September 16, 2016: Acta Psychologica
Titia Gebuis, Roi Cohen Kadosh, Wim Gevers
It is widely accepted that human and nonhuman species possess a specialized system to process large approximate numerosities. The theory of an evolutionarily ancient approximate number system (ANS) has received converging support from developmental studies, comparative experiments, neuroimaging, and computational modelling, and it is one of the most dominant and influential theories in numerical cognition. The existence of an ANS system is significant, as it is believed to be the building block of numerical development in general...
September 15, 2016: Acta Psychologica
Wan-Yun Yu, Jie-Li Tsai
Previous psycholinguistic studies have demonstrated that people tend to direct fixations toward the visual object to which spoken input refers during language comprehension. However, it is still unclear how the visual scene, especially the semantic consistency between object and background, affects the word-object mapping process during comprehension. Two visual world paradigm experiments were conducted to investigate how the scene consistency dynamically influenced the language-driven eye movements in a speech comprehension and a scene comprehension task...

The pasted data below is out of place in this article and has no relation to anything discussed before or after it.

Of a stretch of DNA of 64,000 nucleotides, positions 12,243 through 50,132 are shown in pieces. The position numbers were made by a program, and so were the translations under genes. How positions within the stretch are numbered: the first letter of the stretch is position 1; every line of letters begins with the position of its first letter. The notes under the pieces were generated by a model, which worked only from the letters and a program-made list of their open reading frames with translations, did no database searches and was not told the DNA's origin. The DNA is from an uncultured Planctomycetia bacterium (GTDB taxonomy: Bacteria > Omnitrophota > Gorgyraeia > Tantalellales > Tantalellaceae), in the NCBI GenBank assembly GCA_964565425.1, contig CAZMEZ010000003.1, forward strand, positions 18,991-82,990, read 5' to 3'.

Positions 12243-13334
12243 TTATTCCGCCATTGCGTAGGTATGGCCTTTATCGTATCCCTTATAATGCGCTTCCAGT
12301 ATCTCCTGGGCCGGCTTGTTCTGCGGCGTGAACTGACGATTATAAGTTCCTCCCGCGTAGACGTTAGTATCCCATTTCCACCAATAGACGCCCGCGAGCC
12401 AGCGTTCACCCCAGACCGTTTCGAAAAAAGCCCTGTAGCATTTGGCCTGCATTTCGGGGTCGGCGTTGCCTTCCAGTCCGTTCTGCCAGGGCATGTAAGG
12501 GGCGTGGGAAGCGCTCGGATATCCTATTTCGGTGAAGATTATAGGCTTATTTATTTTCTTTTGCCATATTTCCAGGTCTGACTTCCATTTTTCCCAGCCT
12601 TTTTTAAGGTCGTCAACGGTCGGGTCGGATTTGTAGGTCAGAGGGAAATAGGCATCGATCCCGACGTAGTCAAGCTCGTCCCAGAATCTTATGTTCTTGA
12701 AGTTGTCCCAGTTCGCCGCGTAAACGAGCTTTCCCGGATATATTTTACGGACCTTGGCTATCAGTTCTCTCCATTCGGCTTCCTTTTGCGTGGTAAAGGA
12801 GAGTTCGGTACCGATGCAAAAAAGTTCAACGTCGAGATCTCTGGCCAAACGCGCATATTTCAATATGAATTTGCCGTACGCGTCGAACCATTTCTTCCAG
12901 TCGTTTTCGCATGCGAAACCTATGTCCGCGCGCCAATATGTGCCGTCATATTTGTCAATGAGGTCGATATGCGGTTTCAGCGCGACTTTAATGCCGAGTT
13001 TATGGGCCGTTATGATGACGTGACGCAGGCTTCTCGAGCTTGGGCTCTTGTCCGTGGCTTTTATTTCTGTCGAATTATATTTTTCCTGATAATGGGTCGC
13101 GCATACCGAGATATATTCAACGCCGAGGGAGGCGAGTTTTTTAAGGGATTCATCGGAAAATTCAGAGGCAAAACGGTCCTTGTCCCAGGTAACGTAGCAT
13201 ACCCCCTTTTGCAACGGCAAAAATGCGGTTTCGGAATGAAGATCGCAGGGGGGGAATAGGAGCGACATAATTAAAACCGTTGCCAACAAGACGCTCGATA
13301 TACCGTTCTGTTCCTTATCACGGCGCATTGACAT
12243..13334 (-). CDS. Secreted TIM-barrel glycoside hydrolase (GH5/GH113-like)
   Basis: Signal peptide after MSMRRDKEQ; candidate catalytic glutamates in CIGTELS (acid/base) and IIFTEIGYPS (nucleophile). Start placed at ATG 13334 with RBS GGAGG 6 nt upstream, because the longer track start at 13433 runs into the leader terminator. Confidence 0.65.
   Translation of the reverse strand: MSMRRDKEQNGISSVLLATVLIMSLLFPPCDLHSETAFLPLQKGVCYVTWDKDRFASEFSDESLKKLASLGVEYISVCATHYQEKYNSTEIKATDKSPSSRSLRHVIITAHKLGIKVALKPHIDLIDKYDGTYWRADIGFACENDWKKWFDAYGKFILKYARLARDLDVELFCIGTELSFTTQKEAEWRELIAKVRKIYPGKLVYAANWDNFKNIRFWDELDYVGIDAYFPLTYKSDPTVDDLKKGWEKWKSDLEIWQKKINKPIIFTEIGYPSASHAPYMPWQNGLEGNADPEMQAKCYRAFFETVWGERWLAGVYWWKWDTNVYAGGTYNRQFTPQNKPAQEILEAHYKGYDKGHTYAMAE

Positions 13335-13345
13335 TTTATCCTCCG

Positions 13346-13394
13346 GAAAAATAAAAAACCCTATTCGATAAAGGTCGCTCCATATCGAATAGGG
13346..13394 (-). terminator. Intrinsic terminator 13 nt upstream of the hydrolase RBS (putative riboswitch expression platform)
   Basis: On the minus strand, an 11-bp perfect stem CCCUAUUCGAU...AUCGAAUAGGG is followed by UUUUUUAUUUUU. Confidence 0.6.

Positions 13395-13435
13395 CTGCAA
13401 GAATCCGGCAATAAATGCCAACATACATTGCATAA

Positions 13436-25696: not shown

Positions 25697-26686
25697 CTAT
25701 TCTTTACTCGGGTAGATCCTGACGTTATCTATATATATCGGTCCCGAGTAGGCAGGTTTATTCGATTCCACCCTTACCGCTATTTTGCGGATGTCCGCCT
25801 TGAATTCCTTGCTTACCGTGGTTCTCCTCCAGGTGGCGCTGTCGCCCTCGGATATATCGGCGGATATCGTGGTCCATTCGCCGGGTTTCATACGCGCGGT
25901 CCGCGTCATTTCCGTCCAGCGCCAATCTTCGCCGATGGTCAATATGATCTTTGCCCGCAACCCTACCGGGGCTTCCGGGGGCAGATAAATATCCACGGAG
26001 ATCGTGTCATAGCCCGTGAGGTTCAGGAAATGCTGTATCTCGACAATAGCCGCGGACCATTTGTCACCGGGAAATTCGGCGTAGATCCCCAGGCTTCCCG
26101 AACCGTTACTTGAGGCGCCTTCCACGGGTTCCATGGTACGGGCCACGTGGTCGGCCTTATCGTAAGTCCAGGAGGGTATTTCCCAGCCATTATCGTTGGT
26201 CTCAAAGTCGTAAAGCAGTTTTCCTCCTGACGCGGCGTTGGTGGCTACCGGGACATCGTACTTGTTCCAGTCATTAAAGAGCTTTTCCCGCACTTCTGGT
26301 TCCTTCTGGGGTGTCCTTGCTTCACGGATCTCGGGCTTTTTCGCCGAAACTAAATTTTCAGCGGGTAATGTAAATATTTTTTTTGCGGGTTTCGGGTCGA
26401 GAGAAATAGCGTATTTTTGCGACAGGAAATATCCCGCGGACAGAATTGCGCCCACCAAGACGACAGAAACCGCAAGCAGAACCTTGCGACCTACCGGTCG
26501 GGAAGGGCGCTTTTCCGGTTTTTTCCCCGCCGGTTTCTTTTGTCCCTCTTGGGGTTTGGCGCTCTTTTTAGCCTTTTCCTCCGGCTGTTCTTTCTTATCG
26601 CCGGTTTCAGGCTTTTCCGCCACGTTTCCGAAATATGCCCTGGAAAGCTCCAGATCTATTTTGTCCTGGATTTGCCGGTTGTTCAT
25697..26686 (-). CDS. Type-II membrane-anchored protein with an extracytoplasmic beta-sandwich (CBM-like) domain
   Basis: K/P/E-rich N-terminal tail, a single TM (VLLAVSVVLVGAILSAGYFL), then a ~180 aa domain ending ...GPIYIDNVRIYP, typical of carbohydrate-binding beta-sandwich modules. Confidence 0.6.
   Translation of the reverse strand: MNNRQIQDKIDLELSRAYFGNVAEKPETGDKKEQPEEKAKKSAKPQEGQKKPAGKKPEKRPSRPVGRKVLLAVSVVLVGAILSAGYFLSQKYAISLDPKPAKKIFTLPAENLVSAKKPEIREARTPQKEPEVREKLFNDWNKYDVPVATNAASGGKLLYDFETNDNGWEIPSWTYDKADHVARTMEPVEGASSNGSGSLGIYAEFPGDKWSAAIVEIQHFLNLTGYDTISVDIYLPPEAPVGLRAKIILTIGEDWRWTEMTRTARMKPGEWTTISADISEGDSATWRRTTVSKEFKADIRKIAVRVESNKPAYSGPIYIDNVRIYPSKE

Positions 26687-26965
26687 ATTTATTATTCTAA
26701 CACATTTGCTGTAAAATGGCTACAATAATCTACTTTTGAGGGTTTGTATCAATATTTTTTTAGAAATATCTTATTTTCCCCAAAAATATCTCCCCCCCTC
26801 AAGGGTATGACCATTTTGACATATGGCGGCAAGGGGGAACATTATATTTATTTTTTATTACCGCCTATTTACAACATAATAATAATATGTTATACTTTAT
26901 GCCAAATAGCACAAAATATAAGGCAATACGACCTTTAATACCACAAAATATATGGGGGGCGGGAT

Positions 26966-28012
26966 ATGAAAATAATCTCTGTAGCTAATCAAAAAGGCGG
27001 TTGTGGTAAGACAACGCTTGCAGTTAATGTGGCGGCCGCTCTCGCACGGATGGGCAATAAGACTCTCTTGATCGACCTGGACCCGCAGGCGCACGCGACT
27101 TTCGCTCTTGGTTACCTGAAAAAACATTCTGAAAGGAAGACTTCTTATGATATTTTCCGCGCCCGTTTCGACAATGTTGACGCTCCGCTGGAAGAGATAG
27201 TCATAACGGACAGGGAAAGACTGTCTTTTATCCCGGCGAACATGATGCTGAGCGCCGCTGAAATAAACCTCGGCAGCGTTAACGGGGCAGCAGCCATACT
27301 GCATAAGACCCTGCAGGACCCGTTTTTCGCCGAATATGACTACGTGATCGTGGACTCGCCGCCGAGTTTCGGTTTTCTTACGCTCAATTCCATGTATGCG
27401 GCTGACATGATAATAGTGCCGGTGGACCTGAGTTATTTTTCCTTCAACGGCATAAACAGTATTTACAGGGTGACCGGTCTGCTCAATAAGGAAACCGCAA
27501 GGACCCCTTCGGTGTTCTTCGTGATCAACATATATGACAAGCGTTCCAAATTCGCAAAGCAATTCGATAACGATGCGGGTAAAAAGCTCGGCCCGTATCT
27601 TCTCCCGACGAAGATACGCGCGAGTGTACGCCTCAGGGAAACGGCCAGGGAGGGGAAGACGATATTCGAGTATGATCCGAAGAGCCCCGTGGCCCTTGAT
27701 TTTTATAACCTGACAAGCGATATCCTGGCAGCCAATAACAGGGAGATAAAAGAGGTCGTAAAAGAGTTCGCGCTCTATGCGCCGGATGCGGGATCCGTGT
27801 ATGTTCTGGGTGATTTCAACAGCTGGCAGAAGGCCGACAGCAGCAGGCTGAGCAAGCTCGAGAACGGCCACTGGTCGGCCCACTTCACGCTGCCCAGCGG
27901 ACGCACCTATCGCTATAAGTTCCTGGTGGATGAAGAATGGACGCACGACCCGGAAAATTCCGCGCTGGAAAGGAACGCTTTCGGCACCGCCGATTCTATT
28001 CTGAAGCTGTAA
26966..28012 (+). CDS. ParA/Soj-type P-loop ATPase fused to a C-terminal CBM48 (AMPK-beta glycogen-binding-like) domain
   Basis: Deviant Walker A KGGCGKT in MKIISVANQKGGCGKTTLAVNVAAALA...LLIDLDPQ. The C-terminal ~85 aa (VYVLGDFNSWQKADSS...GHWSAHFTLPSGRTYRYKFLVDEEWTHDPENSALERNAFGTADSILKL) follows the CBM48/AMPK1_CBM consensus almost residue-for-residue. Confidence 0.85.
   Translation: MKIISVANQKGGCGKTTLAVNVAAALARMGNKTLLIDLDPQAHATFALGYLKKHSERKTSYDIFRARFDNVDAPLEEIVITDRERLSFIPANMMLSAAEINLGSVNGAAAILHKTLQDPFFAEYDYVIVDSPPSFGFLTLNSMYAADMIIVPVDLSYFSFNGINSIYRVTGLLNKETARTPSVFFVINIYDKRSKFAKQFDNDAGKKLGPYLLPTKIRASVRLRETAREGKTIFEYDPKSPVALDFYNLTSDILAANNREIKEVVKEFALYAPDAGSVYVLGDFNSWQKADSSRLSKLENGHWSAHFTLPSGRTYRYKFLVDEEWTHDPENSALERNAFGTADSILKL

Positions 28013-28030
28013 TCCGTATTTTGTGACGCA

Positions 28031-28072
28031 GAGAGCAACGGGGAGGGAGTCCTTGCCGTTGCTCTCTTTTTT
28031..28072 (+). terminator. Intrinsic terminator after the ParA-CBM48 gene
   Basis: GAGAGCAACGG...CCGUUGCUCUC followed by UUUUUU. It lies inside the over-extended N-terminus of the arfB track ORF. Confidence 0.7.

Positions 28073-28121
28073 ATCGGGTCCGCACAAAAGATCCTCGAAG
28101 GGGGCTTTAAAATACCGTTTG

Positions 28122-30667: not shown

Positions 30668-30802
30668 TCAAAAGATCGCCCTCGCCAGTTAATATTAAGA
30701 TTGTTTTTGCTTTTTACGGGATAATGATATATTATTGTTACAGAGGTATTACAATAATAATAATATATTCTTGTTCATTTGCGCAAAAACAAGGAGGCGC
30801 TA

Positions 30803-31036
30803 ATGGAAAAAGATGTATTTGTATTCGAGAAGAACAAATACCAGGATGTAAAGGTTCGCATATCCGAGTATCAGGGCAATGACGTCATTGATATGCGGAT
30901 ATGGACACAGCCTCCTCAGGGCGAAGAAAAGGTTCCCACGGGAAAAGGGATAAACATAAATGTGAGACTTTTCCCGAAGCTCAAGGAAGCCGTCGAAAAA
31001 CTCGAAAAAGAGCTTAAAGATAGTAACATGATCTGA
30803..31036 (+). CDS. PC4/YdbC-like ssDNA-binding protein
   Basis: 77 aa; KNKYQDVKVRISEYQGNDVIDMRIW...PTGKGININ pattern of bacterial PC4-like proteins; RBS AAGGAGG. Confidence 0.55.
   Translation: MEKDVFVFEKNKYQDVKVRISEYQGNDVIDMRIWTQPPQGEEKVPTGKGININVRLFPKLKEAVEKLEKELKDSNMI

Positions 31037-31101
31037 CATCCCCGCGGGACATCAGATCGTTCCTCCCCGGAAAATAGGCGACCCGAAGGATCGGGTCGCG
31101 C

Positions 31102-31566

September 15, 2016: Acta Psychologica